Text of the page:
Tuesday, 21 May 2013

Susan Everett and Character Development

We recently had a talk from scriptwriter Susan Everett. She wrote a short film titled 'Mother, Mine' in 2008, about an adoptee who loses her foster mother, and attempts to reconnect with her natural mother. The film was very dark, and Susan spoke of how he she likes to explore ordinary people being pushed to extreme measures. She spoke of characters having layers which can be peeled away, and how she likes to give her characters baggage. This discussion on creating characters interested me, particularly with my interests lying in character development for games.


The troubled Girl in 'Mother, Mine' was a killer, yet we as an audience felt sympathy for her, as she tried to find a mother figure to accept her. This got me thinking of other complex characters and the layers that create their deep personalities. I am currently watching the Showtime series 'Dexter', and was reminded of Michael C. Hall's lead role as the killer turned avenger by Susan's adoptee character.

'Dexter' is a blood spatter analysts working for Miami Metro. We learn in the series that when he was a small boy, his mother was executed with a chainsaw right in front of him. Police detective Harry Morgan found young Dexter in a shipping container filled with his mother's blood. Although Dexter barely remembers the ordeal, it leaves him with a obsession with blood, and the desire to kill and chop up his victims. Harry Morgan, who sees this killer inside his adopted son Dexter, enforces a code, teaching him to kill only those who deserve to die. The series follows dexter as an adult. His stepfather Harry has deceased, yet his code still keeps Dexter's 'dark passenger' (desire to kill) in check. Because of this, Dexter becomes something a vigilante, an antihero. What is challenging about this concept is that dexter doesn't desire justice when he kills serial killers, he simply has a thirst for blood, yet has been taught how to channel it into arguably doing good.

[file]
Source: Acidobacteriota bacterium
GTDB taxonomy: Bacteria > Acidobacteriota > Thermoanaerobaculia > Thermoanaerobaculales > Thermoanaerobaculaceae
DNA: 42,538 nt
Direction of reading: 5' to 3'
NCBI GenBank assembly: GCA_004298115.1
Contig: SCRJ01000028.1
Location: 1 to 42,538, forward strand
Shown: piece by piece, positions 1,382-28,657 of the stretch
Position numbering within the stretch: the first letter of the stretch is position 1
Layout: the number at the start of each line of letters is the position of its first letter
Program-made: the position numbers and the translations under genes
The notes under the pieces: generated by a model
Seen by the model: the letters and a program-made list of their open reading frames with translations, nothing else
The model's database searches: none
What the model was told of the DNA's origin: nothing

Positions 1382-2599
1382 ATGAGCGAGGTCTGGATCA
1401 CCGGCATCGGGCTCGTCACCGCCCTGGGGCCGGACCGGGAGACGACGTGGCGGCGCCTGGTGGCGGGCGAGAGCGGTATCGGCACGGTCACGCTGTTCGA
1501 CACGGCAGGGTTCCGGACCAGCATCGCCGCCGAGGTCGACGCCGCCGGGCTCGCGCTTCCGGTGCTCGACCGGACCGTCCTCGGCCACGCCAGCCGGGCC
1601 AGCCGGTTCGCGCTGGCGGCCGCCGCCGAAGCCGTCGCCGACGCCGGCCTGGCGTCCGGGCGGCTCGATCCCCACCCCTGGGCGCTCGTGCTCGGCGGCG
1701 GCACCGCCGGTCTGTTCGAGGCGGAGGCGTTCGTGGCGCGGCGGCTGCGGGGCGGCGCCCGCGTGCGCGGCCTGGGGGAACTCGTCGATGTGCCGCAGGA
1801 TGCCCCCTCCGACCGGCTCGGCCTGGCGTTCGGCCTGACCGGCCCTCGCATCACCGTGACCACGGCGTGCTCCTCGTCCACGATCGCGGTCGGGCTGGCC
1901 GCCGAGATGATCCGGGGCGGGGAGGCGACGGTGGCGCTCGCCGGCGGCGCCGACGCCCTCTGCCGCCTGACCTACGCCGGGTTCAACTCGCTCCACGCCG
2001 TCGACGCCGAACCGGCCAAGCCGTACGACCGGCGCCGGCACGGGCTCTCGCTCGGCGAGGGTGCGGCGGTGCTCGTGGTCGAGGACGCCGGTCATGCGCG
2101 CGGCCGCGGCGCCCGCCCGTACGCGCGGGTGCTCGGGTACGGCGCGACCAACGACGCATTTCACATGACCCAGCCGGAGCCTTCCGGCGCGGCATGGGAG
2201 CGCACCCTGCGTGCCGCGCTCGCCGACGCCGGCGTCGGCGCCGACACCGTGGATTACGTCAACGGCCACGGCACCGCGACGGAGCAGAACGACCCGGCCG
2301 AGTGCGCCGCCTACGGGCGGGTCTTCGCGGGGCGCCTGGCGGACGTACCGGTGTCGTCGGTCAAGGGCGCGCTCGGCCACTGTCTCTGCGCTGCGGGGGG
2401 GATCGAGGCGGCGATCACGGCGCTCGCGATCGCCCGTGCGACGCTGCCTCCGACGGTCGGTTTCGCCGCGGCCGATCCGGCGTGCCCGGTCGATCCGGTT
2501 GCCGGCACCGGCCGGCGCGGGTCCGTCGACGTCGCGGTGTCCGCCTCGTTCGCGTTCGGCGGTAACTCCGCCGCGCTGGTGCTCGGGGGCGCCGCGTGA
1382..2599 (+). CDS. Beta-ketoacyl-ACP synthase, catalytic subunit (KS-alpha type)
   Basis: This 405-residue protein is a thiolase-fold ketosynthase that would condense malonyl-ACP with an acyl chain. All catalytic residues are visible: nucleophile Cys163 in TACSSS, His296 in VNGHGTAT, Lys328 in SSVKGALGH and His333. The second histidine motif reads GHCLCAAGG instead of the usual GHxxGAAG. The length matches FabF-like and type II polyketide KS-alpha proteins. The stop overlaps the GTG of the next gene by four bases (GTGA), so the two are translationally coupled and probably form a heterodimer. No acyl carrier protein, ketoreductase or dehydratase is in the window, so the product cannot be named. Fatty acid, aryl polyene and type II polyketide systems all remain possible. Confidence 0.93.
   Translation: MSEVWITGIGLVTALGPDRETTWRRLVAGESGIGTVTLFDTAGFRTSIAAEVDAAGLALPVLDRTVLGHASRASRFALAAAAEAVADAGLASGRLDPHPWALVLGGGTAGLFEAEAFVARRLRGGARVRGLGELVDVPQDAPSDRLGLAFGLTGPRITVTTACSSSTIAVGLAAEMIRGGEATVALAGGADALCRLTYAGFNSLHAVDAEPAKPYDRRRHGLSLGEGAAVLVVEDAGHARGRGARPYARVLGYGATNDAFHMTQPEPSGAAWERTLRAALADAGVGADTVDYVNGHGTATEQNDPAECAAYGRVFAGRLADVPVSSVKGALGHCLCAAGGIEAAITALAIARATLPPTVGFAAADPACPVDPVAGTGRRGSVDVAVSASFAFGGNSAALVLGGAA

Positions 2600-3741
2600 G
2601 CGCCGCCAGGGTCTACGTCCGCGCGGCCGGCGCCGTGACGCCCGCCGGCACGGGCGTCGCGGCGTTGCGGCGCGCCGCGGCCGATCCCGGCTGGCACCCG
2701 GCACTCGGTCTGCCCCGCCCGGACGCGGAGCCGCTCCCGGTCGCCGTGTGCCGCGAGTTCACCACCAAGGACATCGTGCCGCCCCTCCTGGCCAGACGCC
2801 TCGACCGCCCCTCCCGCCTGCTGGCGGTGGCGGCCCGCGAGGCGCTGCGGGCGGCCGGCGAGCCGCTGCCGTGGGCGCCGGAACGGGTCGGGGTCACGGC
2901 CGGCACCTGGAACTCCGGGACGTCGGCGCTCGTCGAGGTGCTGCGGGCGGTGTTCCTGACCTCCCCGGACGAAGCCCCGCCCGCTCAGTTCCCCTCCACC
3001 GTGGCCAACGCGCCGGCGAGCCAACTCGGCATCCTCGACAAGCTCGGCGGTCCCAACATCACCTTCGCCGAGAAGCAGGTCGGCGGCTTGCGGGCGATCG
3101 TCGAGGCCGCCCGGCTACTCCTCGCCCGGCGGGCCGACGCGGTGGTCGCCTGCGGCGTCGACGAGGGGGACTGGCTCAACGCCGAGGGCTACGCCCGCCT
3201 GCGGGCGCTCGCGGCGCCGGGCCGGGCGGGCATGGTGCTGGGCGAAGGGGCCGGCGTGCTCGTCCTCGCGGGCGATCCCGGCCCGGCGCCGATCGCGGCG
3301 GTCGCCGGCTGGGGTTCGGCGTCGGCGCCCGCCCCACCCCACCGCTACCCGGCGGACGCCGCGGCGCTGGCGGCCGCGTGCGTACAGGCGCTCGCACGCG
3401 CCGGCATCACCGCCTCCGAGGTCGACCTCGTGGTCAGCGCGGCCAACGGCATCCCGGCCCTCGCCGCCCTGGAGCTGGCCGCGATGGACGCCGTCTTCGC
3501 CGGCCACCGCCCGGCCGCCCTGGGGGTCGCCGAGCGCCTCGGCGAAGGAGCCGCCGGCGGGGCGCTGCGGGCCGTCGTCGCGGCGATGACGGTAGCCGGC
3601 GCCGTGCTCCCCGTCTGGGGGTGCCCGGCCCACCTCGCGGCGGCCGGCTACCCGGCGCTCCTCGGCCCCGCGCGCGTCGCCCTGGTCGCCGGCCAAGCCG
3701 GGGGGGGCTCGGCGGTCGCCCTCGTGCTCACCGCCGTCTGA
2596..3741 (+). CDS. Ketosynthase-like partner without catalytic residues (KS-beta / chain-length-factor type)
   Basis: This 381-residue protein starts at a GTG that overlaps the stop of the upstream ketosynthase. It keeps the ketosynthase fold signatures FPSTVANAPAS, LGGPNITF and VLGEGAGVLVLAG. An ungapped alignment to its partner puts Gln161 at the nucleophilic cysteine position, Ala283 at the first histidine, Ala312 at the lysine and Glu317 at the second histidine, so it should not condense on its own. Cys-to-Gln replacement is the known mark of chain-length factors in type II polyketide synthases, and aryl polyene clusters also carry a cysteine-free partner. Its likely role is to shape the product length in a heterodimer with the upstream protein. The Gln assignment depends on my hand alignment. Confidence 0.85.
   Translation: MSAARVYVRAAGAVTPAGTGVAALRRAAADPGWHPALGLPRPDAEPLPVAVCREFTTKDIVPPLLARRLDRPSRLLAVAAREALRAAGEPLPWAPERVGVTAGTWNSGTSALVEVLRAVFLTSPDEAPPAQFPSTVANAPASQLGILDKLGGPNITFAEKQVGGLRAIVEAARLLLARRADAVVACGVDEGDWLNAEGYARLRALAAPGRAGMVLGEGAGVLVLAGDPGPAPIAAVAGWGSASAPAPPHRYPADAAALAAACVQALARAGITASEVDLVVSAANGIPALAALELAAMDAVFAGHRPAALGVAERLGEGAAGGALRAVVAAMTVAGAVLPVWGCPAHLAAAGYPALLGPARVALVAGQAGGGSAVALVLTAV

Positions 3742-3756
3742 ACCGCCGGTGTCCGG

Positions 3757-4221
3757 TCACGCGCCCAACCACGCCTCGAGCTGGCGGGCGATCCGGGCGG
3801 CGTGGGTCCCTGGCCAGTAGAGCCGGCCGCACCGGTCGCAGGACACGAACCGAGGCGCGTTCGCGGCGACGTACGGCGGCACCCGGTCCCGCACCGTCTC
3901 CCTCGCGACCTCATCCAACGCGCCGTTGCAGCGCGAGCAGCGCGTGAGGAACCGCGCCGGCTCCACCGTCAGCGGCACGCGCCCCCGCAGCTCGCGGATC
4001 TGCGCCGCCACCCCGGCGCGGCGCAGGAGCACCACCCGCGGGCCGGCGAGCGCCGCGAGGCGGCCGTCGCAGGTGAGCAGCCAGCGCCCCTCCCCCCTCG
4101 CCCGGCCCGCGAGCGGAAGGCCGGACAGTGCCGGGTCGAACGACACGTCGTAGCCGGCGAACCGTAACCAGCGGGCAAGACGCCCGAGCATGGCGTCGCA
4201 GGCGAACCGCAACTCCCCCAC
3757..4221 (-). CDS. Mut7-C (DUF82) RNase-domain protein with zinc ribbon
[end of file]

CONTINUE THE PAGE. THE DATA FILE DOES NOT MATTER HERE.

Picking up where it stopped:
Through the series, Dexters bond with his girlfriend Rita (original sought out as a disguise to hide Dexter's detached and monstrous true self) and her children grows stronger. Harry convinced Dexter that he was monster through his childhood. He made him feel damaged beyond repair. Dexter grows gradually more human through the series, and begins to ask himself whether he is destined to kill to keep his darkness at bay, or whether some day he can be rid of the dark passenger and live like a normal human.

With Dexters complex character comes various themes: Is there a dark passenger in all of us sitting dormant? Who deserves to live or die? How well do we know the ones close to us?  We all have our secrets and Dexter's character really explores these key themes.

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